Anthropometric measurements of a neonate vis-a-vis maternal nutritional status


  • Surinder Singh Department of Pediatrics, IGMC, Shimla, Himachal Pradesh, India
  • Pancham Kumar Department of Pediatrics, IGMC, Shimla, Himachal Pradesh, India
  • B. R. Thakur Department of Pediatrics, IGMC, Shimla, Himachal Pradesh, India



LBW, Maternal nutritional status, Newborn, Neonatal anthropometry


Background: The incidence of low birth weight i.e. <2500gm babies in India is 30-40% as compared to 7.5% in the developed world. The objective of this study was to find correlation between neonatal anthropometric indices and maternal nutritional status.

Methods:Out of one thousand twelve live births during the study period 529 newborns which were fulfilling the required criteria were enrolled in the study. All the enrolled newborns were assessed for weight, length, OFC, MAC, MAC/OFC and Ponderal index. Maternal nutritional status was assessed by maternal weight, maternal height and BMI. Maternal data also comprised of demographic and social factors viz. maternal age, socioeconomic status, dietary habits, maternal education, occupation, parity, residence, altitude and antenatal care. The correlation between neonatal anthropometric indices and maternal nutritional status was studied using appropriate statistical methods.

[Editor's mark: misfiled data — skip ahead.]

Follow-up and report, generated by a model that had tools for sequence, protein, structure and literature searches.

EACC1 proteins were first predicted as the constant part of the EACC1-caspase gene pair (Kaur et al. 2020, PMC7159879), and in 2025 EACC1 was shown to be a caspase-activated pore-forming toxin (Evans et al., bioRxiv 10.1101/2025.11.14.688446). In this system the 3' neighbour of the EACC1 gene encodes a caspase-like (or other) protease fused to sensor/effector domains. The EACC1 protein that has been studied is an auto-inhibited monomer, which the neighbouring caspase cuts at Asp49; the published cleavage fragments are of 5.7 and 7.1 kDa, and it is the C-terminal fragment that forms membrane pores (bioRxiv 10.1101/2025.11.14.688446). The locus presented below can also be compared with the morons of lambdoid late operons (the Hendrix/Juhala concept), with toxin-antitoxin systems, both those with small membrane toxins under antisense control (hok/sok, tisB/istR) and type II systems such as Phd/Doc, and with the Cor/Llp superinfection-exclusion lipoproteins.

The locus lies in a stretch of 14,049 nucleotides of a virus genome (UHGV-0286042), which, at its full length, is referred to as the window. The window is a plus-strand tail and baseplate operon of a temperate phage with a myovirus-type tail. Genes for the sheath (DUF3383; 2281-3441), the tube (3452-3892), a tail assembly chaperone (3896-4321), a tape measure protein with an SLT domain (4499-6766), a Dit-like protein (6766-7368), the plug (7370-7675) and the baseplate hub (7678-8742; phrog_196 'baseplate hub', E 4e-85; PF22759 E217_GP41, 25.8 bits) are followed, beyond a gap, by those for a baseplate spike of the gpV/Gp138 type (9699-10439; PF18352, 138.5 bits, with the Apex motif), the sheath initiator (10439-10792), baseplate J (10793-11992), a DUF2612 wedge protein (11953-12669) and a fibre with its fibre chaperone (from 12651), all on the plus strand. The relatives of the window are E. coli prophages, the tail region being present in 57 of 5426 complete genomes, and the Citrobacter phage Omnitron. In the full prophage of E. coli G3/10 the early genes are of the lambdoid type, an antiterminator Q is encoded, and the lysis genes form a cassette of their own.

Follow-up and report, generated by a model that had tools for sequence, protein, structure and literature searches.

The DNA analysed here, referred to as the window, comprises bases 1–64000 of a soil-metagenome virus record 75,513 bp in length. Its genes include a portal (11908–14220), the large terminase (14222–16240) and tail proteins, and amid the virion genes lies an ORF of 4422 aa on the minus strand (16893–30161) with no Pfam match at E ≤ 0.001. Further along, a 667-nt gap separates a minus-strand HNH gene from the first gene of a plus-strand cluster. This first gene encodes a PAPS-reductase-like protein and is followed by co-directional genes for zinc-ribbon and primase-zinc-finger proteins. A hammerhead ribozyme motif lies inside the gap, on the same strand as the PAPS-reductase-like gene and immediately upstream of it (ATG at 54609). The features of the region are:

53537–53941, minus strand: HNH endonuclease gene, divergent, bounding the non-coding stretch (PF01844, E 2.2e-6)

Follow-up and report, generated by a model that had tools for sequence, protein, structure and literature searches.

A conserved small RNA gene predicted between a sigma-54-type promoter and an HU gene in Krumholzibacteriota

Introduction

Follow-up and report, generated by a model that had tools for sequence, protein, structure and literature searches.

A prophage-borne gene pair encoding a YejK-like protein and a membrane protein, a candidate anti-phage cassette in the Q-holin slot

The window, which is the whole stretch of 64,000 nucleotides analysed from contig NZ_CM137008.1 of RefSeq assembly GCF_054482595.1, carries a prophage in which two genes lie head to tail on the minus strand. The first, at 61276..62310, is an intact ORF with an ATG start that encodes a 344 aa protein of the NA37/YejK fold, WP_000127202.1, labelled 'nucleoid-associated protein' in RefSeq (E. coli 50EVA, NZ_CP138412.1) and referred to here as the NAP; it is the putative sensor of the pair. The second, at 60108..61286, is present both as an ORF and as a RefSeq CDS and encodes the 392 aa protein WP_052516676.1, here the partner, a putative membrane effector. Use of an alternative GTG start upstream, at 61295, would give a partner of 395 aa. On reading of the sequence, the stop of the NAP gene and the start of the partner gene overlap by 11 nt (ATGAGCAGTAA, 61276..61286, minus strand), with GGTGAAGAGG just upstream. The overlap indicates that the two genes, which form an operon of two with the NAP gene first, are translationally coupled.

Results: The study population had mean maternal weight 50.0593±7.97, mean maternal height 154.148±9.0388 and mean body mass index 21.5871±10.458 which were significantly higher than national figure (NFHS 2 data). The mean birth weight was 2822.80±447.64, mean length 48.0319±2.1963, mean OFC 33.6866±1.3510, mean MAC 8.8866±0.8349,MAC/OFC 0.2636±2.039 E-02 .The study showed 29% LBW babies. The study showed highly significant positive relationship between maternal nutritional status assessed by maternal weight, height and BMI; and neonatal anthropometry i.e. birth weight length, OFC MAC, and MAC/OFC ratio.

Conclusions:Maternal nutritional status has strong linear correlation with neonatal anthropometry. Shorter and lighter mothers tend to give birth to small babies with lower anthropometric measurements. Improvement in the maternal nutritional status can lead to better neonatal anthropometric indices which can be helpful in decreasing the neonatal morbidity and mortality.


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